As things stand, however, I’m bracing myself to spend the next two weeks with a cockapoo up my jumper, to whom I will sing that perennial Prince classic about Fireworks Season: When Dogs Cry. 

Crack down on noise offenders!

 

Around 6 million people are extremely bothered by neighbour noise in the UK.  According to Government figures, 11% of people are extremely disturbed by neighbour noise in the UK, with 54% bothered to some extent (1).

And the least well-off can suffer the most. Just 7% of people living in a detached house or bungalow are annoyed by noise from their neighbours. This rises to 23% of those living in a medium/high rise flat.

Although there is legislation in place that there wasn't 30 years ago, its implementation is still patchy, resulting in far too many people living with a neighbour noise problem.

It’s time to get consistently tough on noise offenders.  It is time for the Government, the Police and all local authorities to find the resources and the willpower to deal effectively with neighbour noise.

The legislation exists (2):

The Environmental Protection Act 1980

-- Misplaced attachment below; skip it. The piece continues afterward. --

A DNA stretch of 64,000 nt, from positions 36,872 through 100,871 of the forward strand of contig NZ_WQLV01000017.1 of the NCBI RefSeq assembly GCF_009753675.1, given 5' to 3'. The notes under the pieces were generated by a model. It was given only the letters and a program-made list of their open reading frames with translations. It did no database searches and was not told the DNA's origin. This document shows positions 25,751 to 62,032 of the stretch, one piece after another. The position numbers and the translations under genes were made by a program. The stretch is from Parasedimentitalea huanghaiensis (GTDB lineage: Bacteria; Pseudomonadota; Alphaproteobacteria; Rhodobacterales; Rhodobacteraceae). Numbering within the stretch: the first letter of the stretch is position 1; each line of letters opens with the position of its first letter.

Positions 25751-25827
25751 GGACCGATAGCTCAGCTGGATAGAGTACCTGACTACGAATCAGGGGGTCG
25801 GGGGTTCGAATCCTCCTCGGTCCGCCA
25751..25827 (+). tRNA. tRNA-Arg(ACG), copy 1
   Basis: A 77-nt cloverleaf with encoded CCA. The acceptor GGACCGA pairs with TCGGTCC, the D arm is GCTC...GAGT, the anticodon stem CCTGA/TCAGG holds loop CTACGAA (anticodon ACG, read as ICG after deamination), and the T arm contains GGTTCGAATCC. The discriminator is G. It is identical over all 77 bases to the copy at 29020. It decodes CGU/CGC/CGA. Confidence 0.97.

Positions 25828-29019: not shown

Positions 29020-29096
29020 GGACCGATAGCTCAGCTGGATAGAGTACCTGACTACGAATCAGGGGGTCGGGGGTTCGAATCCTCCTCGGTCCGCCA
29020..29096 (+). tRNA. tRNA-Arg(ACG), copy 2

The Noise Act 1996

The Anti-Social Behaviour, Crime and Policing Act 2014

There has been a clampdown in smoking in most public venues so we don't inhale other people's smoke.  The same tough attitude needs to be taken towards other people's noise.

An Independent Appeals Panel needs to be set up for noise sufferers who believe the authorities haven't done their job effectively.

Homes need to be properly insulated.  Exact figures are hard to come by but research carried out some years ago by the UK Noise Association estimated that at least 2.5 million people live in homes with poor sound insulation (3).  

For assistance with individual noise problems:

Noise Abatement Society: www.noiseabatementsociety.com provides a noise helpline: 01273 823850  

Noise Nuisance: http://www.noisenuisance.org   Assists people with neighbour and neighbourhood noise problems

References:

(1).National Noise Attitude Survey 2012 http://randd.defra.gov.uk/Default.aspx?Menu=Menu&Module=More&Location=None&Completed=0&ProjectID=18288